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governments, both State and national. It has been held by some that the removal of forests causes an actual lessening of the annual rainfall; but this view is hardly borne out by recorded observations. The same injury, however, is equally accomplished in a somewhat different way. The removal of timber lays the ground open to rapid evaporation, and, worse still, causes the surface covering of earth, mould, etc., to be washed away from the unprotected sides of hills and mountains. The consequence is that the same yearly amount of moisture, instead of being slowly and gradually discharged by the brooks and streams, rushes away in destructive torrents and freshets, such as are all too familiar every spring, when the winter's snow is melting. The water-supply being thus lost all at once, the steady streams and rivers of a generation or two past dwindle in the summer to fitful and worthless rills. Such is the harvest of disaster from "our great lumbering interest."

Chapter III., on the "Geological Relations of Ohio," is yet more interesting in a purely scientific aspect. It begins with a brief outline of the characteristic features of the several great periods of geological history, as represented by the deposits in North America. Here Dr. Newberry gives, in a popular form, the gist of his discussion lately presented to the American Association of Science at Portland, and more recently to the National Academy of Arts and Sciences, at its session in this city in October last, on "Cycles of Deposition in Sedimentary Rocks," a generalization unsurpassed for its beauty, its simplicity, its wide-reaching grasp, and its lucid explanation of a multitude of details, previously insignificant and often wearisome.

Each of the great ages of palæozoic geology—the two Silurians, the Devonian, and the Carboniferous—represents, in this view, a grand invasion of the sea upon the land, slowly spreading itself over the continent, mainly from the west and south, and laying down a series of sediments in a fixed and regular order, depending on the increasing depth of the advancing waters. No one, it would seem, can look at the facts in a broad and philosophical view, excluding of course the thousand details which cause partial modifications in every such great operation of Nature, without recognizing here a new light cast upon the hitherto unmeaning succession of varying kinds of deposits.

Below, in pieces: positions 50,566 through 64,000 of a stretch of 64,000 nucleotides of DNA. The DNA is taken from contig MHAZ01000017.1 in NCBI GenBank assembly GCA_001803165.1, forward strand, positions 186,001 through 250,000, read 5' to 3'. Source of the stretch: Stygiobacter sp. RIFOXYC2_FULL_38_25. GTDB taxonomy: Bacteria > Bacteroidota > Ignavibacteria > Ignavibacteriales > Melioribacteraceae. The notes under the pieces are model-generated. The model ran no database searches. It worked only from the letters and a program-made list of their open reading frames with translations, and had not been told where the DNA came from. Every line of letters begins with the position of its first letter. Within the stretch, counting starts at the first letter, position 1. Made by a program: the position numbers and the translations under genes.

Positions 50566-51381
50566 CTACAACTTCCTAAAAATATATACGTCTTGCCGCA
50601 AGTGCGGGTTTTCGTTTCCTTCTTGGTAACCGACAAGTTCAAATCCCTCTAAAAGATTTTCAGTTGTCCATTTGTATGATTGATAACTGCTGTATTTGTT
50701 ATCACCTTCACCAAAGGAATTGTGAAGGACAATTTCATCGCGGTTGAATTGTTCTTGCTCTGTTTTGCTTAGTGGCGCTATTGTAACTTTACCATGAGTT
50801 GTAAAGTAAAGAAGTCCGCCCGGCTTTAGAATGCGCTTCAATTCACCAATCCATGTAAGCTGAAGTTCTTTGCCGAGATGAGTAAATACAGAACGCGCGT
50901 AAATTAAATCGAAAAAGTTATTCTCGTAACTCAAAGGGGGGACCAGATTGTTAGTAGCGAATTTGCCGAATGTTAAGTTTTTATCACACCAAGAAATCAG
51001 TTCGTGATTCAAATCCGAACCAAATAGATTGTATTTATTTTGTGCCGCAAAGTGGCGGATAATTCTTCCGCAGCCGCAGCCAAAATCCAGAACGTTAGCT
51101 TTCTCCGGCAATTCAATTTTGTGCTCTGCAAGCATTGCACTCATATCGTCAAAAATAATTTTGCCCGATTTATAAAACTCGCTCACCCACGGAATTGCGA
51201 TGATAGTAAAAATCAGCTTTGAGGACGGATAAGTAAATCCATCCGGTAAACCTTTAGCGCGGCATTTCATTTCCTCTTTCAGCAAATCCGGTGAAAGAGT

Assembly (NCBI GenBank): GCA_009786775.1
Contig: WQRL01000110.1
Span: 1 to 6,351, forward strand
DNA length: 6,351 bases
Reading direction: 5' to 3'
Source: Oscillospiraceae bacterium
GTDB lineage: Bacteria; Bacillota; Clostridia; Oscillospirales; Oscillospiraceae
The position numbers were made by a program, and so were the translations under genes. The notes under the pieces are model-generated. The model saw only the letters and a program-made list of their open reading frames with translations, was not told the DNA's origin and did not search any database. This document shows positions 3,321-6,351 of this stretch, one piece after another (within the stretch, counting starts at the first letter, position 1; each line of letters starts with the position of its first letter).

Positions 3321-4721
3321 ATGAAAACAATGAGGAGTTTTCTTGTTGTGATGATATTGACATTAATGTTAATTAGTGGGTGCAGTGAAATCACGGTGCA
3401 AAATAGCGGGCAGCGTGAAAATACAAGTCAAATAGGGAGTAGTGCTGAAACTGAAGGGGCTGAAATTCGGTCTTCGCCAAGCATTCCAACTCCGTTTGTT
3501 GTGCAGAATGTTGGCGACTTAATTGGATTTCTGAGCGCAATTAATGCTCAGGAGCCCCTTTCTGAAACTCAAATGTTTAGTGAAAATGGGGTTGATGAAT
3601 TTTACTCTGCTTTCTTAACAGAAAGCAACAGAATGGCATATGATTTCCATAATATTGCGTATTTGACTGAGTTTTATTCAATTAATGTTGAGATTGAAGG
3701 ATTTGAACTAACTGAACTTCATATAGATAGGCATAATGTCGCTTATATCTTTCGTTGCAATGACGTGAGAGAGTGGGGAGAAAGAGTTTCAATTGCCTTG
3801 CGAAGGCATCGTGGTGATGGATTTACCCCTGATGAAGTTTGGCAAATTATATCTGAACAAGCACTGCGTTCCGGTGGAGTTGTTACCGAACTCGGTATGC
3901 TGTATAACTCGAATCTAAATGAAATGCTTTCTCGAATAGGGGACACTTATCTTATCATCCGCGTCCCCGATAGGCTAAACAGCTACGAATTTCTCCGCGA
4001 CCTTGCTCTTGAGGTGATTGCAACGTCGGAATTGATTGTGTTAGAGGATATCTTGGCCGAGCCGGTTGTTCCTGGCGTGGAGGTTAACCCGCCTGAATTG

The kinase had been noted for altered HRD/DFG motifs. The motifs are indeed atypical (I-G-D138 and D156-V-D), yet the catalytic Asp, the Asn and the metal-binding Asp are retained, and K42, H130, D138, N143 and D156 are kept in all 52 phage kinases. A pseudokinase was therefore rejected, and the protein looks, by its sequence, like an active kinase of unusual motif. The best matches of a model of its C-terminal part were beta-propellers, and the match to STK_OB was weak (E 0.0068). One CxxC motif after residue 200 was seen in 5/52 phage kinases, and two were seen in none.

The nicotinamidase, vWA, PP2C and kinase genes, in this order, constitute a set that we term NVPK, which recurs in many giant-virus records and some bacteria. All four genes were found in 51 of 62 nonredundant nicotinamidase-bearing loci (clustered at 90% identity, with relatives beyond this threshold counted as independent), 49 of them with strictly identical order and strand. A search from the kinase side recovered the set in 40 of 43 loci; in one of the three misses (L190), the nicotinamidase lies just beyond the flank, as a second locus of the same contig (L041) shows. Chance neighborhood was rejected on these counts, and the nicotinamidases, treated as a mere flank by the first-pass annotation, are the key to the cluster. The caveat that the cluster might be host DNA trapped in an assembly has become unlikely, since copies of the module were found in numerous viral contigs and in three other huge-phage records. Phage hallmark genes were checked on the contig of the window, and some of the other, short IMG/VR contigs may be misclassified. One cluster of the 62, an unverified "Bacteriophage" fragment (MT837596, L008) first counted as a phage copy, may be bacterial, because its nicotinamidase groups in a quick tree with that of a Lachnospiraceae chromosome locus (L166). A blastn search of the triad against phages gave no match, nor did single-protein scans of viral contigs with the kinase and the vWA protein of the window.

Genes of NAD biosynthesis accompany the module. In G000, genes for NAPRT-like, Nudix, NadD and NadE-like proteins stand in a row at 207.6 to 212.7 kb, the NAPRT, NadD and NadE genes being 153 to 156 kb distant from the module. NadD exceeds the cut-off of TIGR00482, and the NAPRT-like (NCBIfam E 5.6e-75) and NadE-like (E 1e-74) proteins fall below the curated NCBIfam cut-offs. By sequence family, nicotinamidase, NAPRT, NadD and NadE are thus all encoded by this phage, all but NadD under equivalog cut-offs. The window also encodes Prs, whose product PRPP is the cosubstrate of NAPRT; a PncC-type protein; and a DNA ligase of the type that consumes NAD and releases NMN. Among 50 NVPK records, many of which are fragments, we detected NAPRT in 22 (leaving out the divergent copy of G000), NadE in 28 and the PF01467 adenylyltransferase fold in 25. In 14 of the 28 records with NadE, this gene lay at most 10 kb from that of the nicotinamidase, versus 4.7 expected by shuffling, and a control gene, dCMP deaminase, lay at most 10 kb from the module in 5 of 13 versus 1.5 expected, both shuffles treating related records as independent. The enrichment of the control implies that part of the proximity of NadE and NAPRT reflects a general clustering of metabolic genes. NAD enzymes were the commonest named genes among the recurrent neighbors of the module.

The remainder of this volume is occupied with the detailed description of the geology of twenty-one counties—nearly one-fourth of the State—by Profs. Andrews and Orton, Dr. Newberry, and Messrs. M. C. Read, G. K. Gilbert, and N. H. Winchell, assistants. While all these accounts are full of valuable matter, especial interest attaches to Prof. Orton's excellent account of the lower Silurian formation, known in Ohio as the Cincinnati Group, and to Mr. Gilbert's summary of the surface geology of the Maumee Valley, which is rich in remarkable illustrations of the effects of the great sheet of ice, and afterward of the broad expanse of water, which overspread so much of our northern country during the several parts of the great Glacial Epoch. Dr. Newberry's sketch of Cuyahoga County, the region around Cleveland, also treats of the same fascinating subject; and Prof. Andrews gives quite a chapter of "Conclusions, Theoretical and Practical," on the mode of formation of different varieties of coals.

It only remains to refer briefly to the second volume or second part of Volume I., which treats of the paleontology of Ohio. This work, somewhat larger than the first part, comprises three divisions, as follows: the "Invertebrate Fossils of the Silurian and Devonian Formations," by Prof. F. B. Meek; the "Fossil Fishes of the Devonian Group," by Dr. Newberry; and the "Fossil Plants of the Coal Period" (in part), also by Dr. Newberry. With the exception of these last, the present volume includes only the fossils below the carboniferous rocks.

In these chapters, a great and permanent work has been accomplished for science, in the accurate description and classification of a very large number of interesting fossils, heretofore either undescribed, or described so imperfectly as not to be reliable as a basis for study. The crinoids, mollusks, brachiopods, and trilobites, have been well intrusted to Mr. Meek, whose full and careful discussions are accompanied with an admirable series of plates.